I have been mulling over sharing our story in blog format for a few months now. Primarily I was concerned with coming across as fishing for sympathy. Recently our new doctor recommended we move ahead with IVF. This comes with a lot of feelings. One of them is isolation. I desperately miss the support of our community in Portland. However, IVF was not exactly a viable option for us in the United States, so it’s a double edge sword really. That said, sharing my journey online helps me feel a little more connected to folks back home, and Piet and I decided together that it was something we felt fine about sharing. I will start with the back story, and then update you once I start the dreaded IVF meds next month.
In the Beginning…
Our fertility story began in January 2015 . This is actually not a very long journey compared to others who have struggled to start a family for five or more years. I don’t actually know how long our journey will take, so there is no point in comparing.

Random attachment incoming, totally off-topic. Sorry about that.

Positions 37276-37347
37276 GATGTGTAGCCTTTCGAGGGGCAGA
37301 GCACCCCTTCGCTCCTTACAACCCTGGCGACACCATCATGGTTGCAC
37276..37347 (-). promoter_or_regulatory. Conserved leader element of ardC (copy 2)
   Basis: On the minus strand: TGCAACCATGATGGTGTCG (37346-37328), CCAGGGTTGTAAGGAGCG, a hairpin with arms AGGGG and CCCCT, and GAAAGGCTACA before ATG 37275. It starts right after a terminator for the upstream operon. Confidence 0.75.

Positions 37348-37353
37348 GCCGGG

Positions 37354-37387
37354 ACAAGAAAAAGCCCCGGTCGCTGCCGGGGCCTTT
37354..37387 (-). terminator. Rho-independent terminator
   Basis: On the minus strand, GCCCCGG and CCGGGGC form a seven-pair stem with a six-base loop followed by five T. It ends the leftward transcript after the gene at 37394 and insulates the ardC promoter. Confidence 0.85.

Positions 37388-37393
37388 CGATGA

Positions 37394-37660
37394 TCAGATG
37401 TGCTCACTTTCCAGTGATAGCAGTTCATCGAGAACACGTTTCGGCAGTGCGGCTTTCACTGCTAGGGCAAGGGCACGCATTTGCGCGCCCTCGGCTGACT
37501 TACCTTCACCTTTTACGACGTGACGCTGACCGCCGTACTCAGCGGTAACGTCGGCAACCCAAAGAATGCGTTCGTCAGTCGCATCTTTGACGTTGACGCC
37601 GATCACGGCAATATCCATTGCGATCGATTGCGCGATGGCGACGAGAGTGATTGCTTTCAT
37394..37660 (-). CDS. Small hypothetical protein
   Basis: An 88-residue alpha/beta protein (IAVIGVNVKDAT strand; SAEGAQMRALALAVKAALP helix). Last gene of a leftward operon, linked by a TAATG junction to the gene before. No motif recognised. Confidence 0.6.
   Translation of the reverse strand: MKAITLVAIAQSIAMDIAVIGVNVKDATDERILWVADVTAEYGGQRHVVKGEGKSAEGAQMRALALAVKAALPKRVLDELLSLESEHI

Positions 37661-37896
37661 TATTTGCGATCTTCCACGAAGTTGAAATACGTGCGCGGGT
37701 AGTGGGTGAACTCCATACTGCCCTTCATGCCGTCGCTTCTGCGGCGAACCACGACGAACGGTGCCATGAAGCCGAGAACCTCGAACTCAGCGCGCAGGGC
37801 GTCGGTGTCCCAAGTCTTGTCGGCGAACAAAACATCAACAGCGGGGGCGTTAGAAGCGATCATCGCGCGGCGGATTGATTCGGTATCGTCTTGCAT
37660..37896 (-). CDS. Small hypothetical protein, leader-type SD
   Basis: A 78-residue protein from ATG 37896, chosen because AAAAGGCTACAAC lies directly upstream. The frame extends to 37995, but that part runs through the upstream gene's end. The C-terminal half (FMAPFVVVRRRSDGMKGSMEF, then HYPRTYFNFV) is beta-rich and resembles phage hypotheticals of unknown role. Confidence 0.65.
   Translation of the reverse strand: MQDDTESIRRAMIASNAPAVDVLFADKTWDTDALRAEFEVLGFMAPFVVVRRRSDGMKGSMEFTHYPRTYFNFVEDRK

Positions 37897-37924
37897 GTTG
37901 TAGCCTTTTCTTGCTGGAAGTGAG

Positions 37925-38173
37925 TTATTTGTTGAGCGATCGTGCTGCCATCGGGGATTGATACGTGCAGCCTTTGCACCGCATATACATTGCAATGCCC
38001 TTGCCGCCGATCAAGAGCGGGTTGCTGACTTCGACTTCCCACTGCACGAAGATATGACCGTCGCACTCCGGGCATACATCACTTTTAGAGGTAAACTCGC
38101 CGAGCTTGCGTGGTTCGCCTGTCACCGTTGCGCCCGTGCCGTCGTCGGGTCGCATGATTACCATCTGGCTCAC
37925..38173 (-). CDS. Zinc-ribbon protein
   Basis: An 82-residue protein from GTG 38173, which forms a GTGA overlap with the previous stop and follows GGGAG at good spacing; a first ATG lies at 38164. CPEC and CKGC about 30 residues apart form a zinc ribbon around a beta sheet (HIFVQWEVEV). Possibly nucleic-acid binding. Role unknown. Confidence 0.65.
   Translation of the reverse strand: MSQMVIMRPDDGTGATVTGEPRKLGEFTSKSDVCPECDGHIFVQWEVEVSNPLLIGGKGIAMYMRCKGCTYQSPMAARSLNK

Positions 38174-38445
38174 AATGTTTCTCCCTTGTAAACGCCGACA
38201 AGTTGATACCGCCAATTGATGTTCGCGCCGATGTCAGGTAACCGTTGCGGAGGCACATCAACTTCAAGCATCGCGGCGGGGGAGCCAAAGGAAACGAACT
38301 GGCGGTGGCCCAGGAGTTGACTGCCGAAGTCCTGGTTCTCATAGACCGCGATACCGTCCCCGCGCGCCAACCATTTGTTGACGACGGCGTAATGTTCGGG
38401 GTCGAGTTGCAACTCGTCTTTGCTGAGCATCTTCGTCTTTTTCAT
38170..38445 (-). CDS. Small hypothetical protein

After the initial six months of trying in Portland our GP recommended we have some preliminary tests done. I was hoping he would suggest this because deep down somehow I knew there was a problem, and in fact always felt as though having a baby was going to be a difficult road for us. Six months is not very long to try without results, but for our age range, it’s not a bad idea to get things checked out just in case. Now I’m going to use this moment to share some facts about infertility via a handy infographic. The point is, infertility can just as easily be on the man’s side, but there seems to be a general assumption that there is a problem with the woman. So if you’re having trouble getting pregnant, make sure to look into both sides. It’s also important to understand how common it can be for couples, and no amount of “just relaxing and giving it time” is going to help.